• I really can’t be bothered to write anything about the Twitter 10k character thing. We’re done with that, right? We all understand that it’s basically like Facebook Instant Articles and is simply a move to attempt to replicate Facebook’s ‘walled garden’ approach to the internet, and probably won’t actually change the way Twitter looks and feels for most users? Ok, good.

  • Twitter Conversational Ads: Old, but still moderately interesting – Twitter’s launched a new ad unit which works a little like polls, in that it gives users the opportunity to…oh, sod it, I’m just going to lift from the article here: “the modified promoted tweet presents people with one or two buttons for branded hashtags that look similar to the interactive polls Twitter has been letting people include in tweets. After someone clicks on a branded hashtag button, a tweet box will appear pre-populated with the message the brand wants the person to tweet, including the hashtag and photo or video that appeared in the brand’s promoted tweet. The person can change that message, including removing the brand’s photo or video, or leave it alone and then tweet it out to his or her followers.” I mean, obviously I can’t personally imagine any real people actually wanting to do this, but I’m increasingly learning never to underestimate humanity in the face of POSSIBLE BRAND ENGAGEMENTS. Although, now I think of it, does this mean advertisers will still get charged if people click the button but then replace the message and picfture with, say, “I HATE COKE” and a thumbnail of some bongo? COUNT ME IN.

  • Twitter Will Let You Turn ‘Fan’ Tweets Into Ads: This is rather smart, I think – a potential new ad unit whereby brands can pick nice Tweets from REAL PEOPLE to turn into ads; Twitter will do all the tedious legal legwork of contacting said users and getting their permission before turning the Tweets into an ad unit for you. Great if you’re an occasionally well-loved brand; almost certainly of less interest if you’re a UK train operator (TOPICAL!).

  • Vine Trends: Want to know where the latest HOT MEME on Vine started, and enough information out of it to support your brand’s late and lame attempt to hijack it for commercial gain? You’ll want this site, then. Brought back horrible memories from 18 months or so back of that dark time in which pizza companies started saying that things were ‘on fleek’, which we should never allow to happen again.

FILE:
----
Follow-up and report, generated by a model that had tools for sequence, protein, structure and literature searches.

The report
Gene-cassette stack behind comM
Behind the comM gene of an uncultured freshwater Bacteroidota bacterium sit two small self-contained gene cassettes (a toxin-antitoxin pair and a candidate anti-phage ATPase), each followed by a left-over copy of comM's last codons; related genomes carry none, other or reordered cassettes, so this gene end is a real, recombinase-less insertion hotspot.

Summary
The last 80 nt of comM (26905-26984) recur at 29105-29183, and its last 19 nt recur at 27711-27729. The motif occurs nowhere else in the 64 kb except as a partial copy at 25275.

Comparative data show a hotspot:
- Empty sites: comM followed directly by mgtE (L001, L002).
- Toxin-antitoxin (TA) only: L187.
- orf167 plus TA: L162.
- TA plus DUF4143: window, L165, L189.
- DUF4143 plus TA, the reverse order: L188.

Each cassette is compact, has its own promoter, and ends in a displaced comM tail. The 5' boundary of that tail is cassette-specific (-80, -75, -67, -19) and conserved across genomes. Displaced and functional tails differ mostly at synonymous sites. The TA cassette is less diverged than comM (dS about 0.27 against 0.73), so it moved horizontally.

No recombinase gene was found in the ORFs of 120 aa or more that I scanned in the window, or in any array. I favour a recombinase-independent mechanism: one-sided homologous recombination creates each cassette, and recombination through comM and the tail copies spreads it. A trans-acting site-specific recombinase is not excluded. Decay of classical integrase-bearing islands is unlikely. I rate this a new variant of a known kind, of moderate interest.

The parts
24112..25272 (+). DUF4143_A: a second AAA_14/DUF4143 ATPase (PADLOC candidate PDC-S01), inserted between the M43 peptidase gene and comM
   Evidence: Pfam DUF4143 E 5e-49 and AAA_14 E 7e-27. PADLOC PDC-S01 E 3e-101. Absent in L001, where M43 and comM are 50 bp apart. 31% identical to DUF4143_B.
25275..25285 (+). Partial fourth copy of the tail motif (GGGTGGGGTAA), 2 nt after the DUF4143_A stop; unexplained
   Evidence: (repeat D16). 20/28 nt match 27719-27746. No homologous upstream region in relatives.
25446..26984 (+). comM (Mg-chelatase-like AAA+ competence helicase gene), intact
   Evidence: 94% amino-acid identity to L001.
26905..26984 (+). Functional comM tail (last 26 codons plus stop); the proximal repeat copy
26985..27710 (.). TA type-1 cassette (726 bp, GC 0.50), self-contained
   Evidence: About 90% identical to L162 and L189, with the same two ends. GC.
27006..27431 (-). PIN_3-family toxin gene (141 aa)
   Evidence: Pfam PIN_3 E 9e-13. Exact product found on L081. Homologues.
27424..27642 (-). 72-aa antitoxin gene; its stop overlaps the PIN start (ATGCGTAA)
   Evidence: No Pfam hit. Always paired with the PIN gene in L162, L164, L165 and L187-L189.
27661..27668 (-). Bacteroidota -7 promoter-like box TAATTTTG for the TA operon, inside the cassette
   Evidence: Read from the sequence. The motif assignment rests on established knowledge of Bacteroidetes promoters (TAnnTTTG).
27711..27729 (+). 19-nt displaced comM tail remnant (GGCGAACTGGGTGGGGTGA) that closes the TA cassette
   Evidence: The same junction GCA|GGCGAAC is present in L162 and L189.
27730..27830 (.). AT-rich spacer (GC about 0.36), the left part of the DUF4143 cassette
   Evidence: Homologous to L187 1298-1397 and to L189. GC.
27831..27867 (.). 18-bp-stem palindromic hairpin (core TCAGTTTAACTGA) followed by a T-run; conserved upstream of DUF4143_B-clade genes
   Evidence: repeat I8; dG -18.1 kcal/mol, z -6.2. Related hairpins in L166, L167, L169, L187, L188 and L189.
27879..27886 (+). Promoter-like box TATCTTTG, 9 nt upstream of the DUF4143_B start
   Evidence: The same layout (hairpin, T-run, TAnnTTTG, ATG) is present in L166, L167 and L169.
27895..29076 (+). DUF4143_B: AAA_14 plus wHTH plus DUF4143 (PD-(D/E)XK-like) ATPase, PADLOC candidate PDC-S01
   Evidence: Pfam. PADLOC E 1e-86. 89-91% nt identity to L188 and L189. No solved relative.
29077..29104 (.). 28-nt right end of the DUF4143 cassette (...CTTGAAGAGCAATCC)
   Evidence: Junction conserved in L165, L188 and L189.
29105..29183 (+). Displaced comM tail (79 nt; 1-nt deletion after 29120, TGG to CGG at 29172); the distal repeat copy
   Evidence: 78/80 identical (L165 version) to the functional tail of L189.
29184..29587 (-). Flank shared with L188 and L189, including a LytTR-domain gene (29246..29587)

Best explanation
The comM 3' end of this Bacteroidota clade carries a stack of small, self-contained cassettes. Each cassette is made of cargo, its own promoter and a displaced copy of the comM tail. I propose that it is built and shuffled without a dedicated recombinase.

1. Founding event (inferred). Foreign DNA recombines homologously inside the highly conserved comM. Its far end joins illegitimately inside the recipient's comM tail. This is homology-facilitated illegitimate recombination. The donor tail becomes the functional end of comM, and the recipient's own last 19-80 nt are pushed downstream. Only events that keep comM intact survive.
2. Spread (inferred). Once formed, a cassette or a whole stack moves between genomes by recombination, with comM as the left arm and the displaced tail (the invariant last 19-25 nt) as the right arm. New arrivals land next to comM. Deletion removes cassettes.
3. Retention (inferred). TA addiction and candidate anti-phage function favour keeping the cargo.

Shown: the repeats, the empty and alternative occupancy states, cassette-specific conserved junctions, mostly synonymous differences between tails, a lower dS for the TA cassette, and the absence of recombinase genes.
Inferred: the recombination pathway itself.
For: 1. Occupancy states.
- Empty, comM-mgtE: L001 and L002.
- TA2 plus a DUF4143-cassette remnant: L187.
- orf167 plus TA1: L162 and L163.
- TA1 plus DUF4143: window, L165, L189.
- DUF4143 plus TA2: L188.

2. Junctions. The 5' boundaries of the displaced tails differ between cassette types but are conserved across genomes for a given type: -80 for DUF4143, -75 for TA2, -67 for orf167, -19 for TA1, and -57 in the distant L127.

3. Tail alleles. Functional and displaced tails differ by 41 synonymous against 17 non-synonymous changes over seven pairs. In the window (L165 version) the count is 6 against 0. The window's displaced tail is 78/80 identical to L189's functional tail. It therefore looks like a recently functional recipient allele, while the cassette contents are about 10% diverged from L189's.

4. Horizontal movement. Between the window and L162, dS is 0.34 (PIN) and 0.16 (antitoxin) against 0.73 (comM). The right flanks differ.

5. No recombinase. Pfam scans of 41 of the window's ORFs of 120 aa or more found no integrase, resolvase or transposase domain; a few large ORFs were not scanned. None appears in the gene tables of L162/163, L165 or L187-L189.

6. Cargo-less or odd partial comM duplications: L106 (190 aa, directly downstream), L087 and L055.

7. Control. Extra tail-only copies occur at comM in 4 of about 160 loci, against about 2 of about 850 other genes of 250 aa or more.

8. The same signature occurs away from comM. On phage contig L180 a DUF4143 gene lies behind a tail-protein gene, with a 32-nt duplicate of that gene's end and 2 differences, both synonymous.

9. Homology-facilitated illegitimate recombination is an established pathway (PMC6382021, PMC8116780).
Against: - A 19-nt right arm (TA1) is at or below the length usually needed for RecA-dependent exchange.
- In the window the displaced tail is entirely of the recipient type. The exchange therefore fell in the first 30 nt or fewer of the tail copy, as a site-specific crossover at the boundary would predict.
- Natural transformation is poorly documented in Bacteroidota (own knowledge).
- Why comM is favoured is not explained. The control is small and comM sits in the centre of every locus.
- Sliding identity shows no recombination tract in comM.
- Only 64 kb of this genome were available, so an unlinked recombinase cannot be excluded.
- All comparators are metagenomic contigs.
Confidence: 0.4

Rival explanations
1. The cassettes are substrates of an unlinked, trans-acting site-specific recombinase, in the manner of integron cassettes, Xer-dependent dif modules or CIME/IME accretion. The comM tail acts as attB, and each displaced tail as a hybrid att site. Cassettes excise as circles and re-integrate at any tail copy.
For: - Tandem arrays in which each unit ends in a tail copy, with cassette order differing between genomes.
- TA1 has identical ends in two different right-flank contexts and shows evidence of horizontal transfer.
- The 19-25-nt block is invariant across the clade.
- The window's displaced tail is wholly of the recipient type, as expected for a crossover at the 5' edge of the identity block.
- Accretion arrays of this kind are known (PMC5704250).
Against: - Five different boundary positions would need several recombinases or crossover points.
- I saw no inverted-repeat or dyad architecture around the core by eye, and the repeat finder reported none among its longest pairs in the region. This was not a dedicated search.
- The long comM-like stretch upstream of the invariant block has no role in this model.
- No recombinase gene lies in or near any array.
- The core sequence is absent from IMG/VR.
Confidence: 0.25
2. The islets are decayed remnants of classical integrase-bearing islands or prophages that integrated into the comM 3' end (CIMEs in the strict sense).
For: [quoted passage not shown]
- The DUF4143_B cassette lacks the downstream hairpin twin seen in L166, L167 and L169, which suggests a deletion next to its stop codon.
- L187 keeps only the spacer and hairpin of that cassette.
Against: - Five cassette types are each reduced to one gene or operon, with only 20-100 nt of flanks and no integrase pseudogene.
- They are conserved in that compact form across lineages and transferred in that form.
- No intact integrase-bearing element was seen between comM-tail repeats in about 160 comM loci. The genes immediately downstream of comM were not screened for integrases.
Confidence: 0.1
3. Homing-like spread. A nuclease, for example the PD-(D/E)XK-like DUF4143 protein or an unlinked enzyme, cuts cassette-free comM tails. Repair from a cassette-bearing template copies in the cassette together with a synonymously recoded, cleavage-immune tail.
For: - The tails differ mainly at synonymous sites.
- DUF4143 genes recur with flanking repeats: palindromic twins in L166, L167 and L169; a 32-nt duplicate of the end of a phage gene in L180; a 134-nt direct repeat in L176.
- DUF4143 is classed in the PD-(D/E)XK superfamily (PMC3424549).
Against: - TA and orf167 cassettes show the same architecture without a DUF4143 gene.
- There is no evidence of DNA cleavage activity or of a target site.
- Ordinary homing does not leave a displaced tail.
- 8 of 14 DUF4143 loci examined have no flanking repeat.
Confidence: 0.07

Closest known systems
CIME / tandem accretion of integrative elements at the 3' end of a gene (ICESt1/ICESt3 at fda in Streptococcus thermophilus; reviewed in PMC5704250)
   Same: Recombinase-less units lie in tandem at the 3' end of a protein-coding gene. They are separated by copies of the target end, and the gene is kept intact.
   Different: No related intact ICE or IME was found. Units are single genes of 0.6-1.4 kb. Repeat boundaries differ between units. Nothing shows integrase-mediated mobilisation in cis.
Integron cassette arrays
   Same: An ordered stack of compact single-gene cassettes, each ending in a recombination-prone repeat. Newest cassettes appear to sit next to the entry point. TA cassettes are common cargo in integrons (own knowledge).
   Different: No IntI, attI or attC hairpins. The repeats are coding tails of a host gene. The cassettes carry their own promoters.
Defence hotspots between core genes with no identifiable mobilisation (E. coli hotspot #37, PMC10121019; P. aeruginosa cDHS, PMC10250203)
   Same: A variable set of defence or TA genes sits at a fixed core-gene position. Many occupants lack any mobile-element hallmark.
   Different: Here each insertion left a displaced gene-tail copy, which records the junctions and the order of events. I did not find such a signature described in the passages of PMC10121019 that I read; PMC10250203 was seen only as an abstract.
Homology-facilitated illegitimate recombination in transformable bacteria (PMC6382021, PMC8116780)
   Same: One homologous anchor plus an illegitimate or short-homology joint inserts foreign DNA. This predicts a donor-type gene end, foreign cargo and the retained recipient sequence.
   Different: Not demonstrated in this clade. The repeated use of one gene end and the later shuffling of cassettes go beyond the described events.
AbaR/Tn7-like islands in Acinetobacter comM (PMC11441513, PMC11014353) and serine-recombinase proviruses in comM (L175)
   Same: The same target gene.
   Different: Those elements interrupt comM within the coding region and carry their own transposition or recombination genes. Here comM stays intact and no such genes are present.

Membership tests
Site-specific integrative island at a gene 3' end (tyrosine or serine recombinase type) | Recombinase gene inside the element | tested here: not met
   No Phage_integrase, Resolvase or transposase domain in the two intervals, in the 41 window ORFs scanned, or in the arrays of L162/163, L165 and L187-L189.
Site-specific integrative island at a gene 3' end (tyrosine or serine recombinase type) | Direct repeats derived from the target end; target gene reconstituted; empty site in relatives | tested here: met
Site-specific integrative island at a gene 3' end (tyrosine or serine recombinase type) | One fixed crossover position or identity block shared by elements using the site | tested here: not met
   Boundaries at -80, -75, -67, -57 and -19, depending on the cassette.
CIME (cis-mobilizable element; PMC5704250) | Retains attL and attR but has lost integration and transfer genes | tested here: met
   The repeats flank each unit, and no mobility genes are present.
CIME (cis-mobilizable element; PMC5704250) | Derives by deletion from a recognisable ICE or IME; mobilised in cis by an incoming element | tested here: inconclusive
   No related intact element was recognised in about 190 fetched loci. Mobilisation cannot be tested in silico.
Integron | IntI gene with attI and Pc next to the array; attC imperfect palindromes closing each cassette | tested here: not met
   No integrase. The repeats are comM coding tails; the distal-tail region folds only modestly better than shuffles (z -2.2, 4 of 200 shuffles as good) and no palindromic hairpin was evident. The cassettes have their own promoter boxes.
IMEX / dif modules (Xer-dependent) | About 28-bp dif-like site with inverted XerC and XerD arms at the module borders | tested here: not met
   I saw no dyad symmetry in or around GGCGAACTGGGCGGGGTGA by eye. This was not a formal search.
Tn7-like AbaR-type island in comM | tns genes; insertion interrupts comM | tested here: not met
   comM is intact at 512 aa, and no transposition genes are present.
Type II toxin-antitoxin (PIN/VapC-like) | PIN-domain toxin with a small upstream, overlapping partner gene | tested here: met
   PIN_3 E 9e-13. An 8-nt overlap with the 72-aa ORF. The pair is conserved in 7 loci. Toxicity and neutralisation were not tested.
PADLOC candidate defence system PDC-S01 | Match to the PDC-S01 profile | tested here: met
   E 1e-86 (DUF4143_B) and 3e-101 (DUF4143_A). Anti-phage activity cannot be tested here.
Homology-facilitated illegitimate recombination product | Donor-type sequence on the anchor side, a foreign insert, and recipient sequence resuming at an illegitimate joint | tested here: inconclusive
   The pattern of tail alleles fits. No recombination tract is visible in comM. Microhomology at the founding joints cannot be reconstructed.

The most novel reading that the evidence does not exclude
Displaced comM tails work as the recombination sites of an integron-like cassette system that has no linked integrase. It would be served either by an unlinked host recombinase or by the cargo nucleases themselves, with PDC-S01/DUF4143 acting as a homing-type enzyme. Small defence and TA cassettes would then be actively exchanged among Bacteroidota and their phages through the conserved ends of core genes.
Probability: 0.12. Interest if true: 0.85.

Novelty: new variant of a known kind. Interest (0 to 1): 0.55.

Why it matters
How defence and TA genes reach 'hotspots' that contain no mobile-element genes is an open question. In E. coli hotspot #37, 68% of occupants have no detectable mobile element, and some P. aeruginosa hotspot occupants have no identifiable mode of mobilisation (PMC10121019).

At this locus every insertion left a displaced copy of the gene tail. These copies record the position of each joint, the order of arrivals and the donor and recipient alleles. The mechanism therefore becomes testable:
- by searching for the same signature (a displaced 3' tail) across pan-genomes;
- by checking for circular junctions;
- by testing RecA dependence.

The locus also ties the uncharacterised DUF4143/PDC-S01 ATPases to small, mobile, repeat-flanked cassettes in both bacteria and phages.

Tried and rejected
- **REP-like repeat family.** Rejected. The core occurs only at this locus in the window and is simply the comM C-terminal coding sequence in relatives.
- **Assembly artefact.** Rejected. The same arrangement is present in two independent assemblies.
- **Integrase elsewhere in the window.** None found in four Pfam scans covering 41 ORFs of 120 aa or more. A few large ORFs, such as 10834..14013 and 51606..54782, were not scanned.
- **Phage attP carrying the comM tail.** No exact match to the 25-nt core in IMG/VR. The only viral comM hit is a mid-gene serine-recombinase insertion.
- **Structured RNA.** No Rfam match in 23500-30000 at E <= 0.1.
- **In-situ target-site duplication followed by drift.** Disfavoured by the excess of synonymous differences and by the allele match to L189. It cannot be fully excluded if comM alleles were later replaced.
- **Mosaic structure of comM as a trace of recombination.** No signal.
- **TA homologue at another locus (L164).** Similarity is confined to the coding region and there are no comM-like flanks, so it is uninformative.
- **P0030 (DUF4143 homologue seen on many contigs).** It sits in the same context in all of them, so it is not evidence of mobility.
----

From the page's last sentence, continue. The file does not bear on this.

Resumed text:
• Periscope Now Embeds On Twitter: But you knew that, right? Unrelated, but I will personally award a prize to the first one of you who puts a twist on that brainstorm classic of ‘LET’S FLOAT IT DOWN THE THAMES!’ by adding ‘AND WE CAN LIVESTREAM IT ON PERISCOPE LIKE THE PUDDLE!’ (not joking – if you can prove you said this in a meeting, and ideally capture the reactions of the others in the room, there’s a prize for you).

  • Twitter Toying With 30-Second Skippable Preroll Ads: They really, really don’t understand user need, do they? Still, based on the article’s prediction of autoplay and a 3-second ‘view’ categorisation it will probably help a bit financially.

  • Tesco Does A Promoted Moment:This was bang slap in the middle of the ‘Moments’ tab all day yesterday, making Twitter the first brand in the UK to pony up the cash for the ad unit. Given that initial reports suggested that the ad buy for promoted Moments was $1million or thereabouts, and that the ‘Moment’ itself consists of 10 gifs, I’m going to say AHAHAHAHAHAHA TESCO YOU MUGS. Obviously I’m pretty sure they didn’t pay anywhere near that much, but still – I mean, this is pretty fcuking pony, right? Oh, and if you’re one of those people who unaccountably really hates even SEEING the ‘Moments’ thing you can kill it with this extension. You’re welcome.

  • YouTube Creators Can Now Let People Donate Straight From Their Videos: Through a neat little payment popup. This is surely a precursor to more sophisticated ecommerce within the platform, right? I mean, it’s not going to stay this small.

  • Snapchat Planning Audio & Video Calling: Because it’s not enough that everyone wants to be Facebook; now we all need to be Skype as well. Useful to know, particularly if you deal with a lot of kids and want to put together some bullsh1t, never-to-be-activated plans around customer service on Snapchat for your MILLENNIAL USERBASE. Oh, and seeing as we’re here, Snapchat will probably start ruining itself with self-service ads soon FYI.

  • Pinterest Considering Video Ads: Just FYI really, but I still think Pinterest is somewhat underexploited by advermarketingpr folk here in the UK.

  • Uber Trip Experiences: File under ‘coming soon, and we won’t like it’, this is potentially a hugely interesting extension of the Uber API which would allow third party developers to create ‘experiences’ for Uber users based on journey data (where you’re travelling, journey duration, etc). So you could get BRANDED CONTENT (adverts, innit) tailored to where you’re going and stuff. SLIGHTLY sketchy about whether this is being delivered through the Uber app or through the third parties, but either way I think it’s quite a big (evil) opportunity.